From Consortium News
Israeli Prime Minister Benjamin Netanyahu making opening remarks at a joint White House press conference with President Donald Trump on Feb. 15, 2017.
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There's a rumor going around that the Syrian civil war is finally winding down and that the Baathist government is nearing its goal of driving out thousands of ISIS-Al Qaeda head-choppers financed and supplied -- directly or indirectly -- by the U.S., Turkey, Saudi Arabia, and the other Persian Gulf oil monarchies.
It would be good news if true. But most likely it's not. While one stage in the Syrian conflict is coming to an end, another is beginning, and this time the results could be even worse.
The reason is Israel, until now the odd man in the latest Mideast wars. Despite intervening sporadically on the rebel side in Syria, the Jewish state generally held itself aloof from the conflict in the belief that events were breaking its way regardless of whether it stepped in or not. After all, why go to war when your enemies are doing a fine job of tearing each other apart on their own?
With President Bashar al-Assad expected to step down eventually, Israel figured that it only had to wait and watch as a hostile regime collapsed under its own weight as it thrashed about unable to restore order to Syria. Never in the Arab-Israeli hundred years' war had Israel seemed stronger and the Arabs weaker and in greater disarray.
But then the unthinkable happened. Assad not only survived but prevailed. Backed by Russia, Iran and the Lebanese Shi'ite militia Hezbollah, he has bottled up Al Qaeda in East Ghouta and Idlib province in the extreme northwest and is racing to lift ISIS's siege on Deir-Ezzor along the Euphrates. If successful, the effect will be to clear a path straight through to the Iraqi border some 30 miles to the east.
U.S. military enclaves may remain in the northeast and in the southern border town of Al-Tanf. But it's hard to see how they'll have much of an impact as the Damascus regime tightens its grip on the country as a whole.
But rather than making a wider war less likely, the upshot is to make it even more. Having bet on the wrong horse, Prime Minister Benjamin Netanyahu now finds himself facing a nightmare scenario in which Iran takes advantage of Assad's winning streak to extend its reach from Iraq and Syria into Lebanon beyond. It's not just a question of political influence, but of the emergence of a powerful Iranian-led military bloc.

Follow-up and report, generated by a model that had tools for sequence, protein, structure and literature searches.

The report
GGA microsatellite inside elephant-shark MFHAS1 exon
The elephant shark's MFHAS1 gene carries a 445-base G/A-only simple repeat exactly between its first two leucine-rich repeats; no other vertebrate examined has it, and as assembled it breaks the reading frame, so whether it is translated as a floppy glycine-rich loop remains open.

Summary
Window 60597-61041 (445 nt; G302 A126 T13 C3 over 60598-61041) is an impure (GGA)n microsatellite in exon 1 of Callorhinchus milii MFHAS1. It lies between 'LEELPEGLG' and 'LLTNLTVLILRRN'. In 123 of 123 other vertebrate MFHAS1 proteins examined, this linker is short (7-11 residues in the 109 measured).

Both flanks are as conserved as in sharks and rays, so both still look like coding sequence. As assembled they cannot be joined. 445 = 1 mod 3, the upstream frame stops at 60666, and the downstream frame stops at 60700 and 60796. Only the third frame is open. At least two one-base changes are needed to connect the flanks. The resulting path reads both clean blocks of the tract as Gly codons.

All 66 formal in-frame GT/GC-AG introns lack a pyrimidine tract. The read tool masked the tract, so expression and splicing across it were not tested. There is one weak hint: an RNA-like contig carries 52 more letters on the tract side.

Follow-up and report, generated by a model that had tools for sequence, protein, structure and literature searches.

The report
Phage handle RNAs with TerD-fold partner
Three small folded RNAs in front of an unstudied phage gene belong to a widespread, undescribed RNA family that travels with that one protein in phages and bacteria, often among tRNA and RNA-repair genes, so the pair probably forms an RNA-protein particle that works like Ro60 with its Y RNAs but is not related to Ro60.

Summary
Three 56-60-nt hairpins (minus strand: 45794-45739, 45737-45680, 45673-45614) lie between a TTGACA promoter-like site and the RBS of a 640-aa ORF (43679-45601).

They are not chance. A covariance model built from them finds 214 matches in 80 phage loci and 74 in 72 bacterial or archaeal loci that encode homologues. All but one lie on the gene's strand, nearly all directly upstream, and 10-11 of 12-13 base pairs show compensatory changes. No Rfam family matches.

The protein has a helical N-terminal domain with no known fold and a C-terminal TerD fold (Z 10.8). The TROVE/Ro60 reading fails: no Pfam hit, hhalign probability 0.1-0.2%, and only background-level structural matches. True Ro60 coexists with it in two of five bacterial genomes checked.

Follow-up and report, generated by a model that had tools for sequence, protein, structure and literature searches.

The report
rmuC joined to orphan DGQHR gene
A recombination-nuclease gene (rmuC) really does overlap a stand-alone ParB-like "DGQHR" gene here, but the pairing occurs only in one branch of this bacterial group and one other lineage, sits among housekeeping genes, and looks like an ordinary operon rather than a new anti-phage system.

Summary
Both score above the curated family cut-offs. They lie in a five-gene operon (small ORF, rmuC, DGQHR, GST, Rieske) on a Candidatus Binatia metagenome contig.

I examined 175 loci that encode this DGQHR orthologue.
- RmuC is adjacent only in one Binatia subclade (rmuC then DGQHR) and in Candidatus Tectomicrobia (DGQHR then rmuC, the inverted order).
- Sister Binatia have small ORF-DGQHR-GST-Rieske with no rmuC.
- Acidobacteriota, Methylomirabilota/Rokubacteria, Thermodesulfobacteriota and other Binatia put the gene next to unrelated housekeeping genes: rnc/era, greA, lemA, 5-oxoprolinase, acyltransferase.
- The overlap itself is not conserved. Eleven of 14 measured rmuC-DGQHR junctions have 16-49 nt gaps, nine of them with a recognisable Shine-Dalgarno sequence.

Eleven years after fighting a vicious 34-day war in southern Lebanon, Israel thus finds itself facing not only Hezbollah but the Syrian Arab Army, Iran's Islamic Revolutionary Guards, and Iraqi Shi'ite militias -- all backed by Russian military might -- in a front extending across its entire northern border. All are battle-hardened after years of combat, better armed, better led, and more self-confident to boot. Israel finds itself confronting a new threat that is many times more powerful than Hezbollah (or Syria) alone.
Israeli consternation is not to be underestimated. One news outlet says the official attitude is one of "grave concern" while an anonymous government minister heaped blame on the U.S. for sacrificing Israeli interests:
"The United States threw Israel under the bus for the second time in a row. The first time was the nuclear agreement with Iran, the second time is now that the United States ignores the fact that Iran is obtaining territorial continuity to the Mediterranean Sea and Israel's northern border. What is most worrisome is that this time, it was President Donald Trump who threw us to the four winds -- though viewed as Israel's great friend. It turns out that when it comes to actions and not just talk, he didn't deliver the goods."
Netanyahu is meanwhile off to the Black Sea resort of Sochi to confer with Russian President Vladimir Putin while, in Washington, Israeli military and intelligence officials are meeting with top Trump officials such as National Security Adviser H.R. McMaster and special Mideast envoy Jason Greenblatt.
Israel has also engaged in saber-rattling with regard to a missile factory that it says Iran is building in the Syrian port city of Baniyas. Gadi Eisenkot, the Israeli military's chief of staff, said that stopping efforts by Iran, Syria, and Hezbollah to equip themselves with accurate missiles capable of striking deep inside the Jewish state "is our top priority."
Adds Avigdor Lieberman, Israel's hard-right defense minister: "We know what needs to be done... We won't ignore the establishment of Iranian weapons factories in Lebanon."